So I told them: I respect all your opinions here. All of us are affected in one way or another by this massive, destructive, enormous and devastating calamity. All I’m saying is that we must not negatively react “lock, stock and barrel” to all the news we read online.  And while we all know that it is the government’s duty and responsibility to help our people, let us do our share. Sometimes, ACTIONS ARE  BETTER THAN WORDS.

I was surprised to receive this wonderful letter from my niece who is a student at Oklahoma Christian University. She said and I quote:

Hi Tita Arlene! I just wanted to say a quick hello and see how you guys are doing. I also wanted to let you know that even though I know you guys weren’t affected directly by the typhoon recently, my school has sent a lot of love and prayers to the Philippines this past week and a half. We have a Filipino alumna  from here who spoke to us today about it and we also had a special prayer time specifically for the Philippines last Tuesday. So if you know anyone who was directly affected, please let them know we’re thinking about them! I definitely think about you guys a lot because it’s been so many years since I’ve seen all of you. I’m glad that you all are okay, and I hope you’re doing well. Please give Nate a hug for me on his birthday this week. I can’t wait for the day until I finally meet him. I always take joy in seeing the pictures that you and Ate Nissa post of him  – he’s definitely growing up fast! Anyway, I miss you all and please send everyone my love. Take care always!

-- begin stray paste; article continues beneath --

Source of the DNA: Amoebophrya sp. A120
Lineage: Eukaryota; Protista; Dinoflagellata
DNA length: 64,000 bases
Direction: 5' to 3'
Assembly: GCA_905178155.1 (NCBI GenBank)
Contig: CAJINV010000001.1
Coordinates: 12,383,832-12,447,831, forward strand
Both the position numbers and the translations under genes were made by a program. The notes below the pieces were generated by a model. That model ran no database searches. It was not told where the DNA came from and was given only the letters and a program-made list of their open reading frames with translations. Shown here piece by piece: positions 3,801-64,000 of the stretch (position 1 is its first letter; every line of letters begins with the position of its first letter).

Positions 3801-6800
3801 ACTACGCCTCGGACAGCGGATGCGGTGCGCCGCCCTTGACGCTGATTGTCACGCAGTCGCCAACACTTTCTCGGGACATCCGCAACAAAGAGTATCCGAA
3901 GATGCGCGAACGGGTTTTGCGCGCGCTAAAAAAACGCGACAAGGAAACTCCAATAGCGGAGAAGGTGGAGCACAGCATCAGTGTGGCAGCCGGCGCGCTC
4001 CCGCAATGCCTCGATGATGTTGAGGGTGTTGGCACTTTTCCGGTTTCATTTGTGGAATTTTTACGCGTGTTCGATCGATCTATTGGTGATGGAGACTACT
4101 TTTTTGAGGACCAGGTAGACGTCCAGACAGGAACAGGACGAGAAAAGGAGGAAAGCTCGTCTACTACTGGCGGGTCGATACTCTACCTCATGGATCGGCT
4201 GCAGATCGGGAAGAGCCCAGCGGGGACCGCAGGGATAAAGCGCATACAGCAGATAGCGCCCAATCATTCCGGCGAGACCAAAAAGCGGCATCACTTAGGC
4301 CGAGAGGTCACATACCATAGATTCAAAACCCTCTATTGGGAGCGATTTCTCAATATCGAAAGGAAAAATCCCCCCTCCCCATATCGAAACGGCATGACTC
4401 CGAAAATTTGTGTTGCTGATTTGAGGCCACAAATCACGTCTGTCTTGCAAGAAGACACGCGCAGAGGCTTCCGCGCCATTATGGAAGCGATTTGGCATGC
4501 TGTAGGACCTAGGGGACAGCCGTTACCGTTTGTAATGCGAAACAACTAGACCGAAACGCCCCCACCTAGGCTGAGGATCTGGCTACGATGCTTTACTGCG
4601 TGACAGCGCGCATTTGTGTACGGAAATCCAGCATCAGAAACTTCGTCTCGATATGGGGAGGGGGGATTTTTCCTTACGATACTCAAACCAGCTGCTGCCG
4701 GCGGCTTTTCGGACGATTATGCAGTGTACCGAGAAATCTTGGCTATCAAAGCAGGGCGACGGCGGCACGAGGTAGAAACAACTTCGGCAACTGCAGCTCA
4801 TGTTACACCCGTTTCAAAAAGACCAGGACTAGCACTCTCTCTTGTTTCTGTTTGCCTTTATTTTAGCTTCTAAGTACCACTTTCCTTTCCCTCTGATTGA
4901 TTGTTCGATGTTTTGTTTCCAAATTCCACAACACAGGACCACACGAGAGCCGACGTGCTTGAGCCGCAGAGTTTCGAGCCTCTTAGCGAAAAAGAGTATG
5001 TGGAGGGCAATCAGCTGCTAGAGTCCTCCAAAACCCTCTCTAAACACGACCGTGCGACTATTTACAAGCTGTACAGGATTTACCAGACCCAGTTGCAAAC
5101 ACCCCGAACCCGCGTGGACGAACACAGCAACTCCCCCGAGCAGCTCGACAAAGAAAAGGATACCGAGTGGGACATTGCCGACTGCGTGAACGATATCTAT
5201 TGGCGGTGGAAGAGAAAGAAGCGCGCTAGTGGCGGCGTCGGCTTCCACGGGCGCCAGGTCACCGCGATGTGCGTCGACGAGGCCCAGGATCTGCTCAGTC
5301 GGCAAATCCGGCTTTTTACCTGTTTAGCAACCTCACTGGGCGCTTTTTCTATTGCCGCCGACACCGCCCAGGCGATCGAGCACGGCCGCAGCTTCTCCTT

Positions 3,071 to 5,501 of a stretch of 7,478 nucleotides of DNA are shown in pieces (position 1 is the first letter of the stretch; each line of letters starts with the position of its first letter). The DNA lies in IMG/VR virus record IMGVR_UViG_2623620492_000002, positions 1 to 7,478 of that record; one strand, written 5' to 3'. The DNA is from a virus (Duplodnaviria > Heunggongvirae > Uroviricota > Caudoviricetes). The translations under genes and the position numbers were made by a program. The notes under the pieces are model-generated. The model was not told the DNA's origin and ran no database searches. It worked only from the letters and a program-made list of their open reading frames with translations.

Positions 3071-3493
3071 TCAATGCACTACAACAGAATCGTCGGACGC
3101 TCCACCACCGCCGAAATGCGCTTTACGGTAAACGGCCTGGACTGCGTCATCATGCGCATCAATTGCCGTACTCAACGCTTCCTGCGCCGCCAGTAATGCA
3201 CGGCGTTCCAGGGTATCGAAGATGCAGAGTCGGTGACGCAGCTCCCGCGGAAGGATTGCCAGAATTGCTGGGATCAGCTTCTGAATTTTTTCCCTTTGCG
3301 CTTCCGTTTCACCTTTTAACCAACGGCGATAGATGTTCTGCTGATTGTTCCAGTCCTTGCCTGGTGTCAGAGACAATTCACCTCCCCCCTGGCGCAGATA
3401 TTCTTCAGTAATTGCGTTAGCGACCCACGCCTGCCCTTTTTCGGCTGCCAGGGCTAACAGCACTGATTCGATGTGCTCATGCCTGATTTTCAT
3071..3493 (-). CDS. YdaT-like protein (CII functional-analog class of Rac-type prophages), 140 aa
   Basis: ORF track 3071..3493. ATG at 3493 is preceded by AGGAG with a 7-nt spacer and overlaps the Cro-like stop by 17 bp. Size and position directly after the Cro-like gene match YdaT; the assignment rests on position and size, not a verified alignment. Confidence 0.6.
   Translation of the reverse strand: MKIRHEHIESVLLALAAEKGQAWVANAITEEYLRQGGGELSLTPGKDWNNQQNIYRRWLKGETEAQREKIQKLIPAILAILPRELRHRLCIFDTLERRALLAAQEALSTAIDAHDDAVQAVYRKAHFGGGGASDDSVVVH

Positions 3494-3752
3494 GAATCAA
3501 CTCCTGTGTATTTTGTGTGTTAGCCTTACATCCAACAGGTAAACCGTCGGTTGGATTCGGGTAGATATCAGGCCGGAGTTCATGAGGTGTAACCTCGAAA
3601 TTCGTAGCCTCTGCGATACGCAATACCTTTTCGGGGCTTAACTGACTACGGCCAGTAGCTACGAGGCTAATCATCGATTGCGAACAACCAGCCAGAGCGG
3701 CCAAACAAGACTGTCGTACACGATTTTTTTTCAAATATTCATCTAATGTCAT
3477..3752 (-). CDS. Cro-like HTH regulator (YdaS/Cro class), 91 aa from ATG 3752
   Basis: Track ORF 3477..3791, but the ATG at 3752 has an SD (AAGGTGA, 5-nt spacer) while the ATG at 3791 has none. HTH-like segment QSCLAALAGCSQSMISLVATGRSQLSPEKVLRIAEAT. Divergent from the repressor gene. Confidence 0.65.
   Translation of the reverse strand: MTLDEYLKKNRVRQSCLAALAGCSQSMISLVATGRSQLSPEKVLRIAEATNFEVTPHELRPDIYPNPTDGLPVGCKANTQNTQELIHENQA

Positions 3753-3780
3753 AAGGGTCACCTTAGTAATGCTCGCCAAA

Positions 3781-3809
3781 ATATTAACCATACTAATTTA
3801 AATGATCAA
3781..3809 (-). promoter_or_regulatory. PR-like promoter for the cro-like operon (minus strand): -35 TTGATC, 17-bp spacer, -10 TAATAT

Mae 🙂

Everyone is praying for the Philippines.  Our faith is bigger than any storm that comes into our lives. Bangon Pilipinas!

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Typhoon Pedring was definitely stronger than I thought.  It brought strong winds to the island of Luzon and toppled power lines which left close to 2 million households without electricity. Train lines in Metro Manila suspended their operations because of the typhoon.  We were so lucky that our town was spared from the flash flood which affected most areas in Metro Manila. Part of Bulacan and Marikina were submerged in water. And I am grateful that there was no interruption in the power service of Manila Electric Company in our area. Classes were suspended in all levels of Metro Manila. Metro Manila was under typhoon signal number two but it was not spared from heavy rains and gusty winds brought about by typhoon Pedring (international name is Nesat).

The whole day, I alternately listened on our transistor radio and watched the news on TV. One should  always be  alert in times like this.  I remember the time when typhoon Ondoy hit Metro Manila exactly two years  ago. Our house was submerged in water and we had to renovate and replace most of our furnitures and belongings because they were destroyed by the flood. It makes me feel so insecure every time there is a strong typhoon coming.

Front of U.S. Embassy along Roxas Blvd.

The seawall along Roxas Blvd.

(I don’t own these pictures, they are property of allvoices.com. Photos by Marven Dumaguet)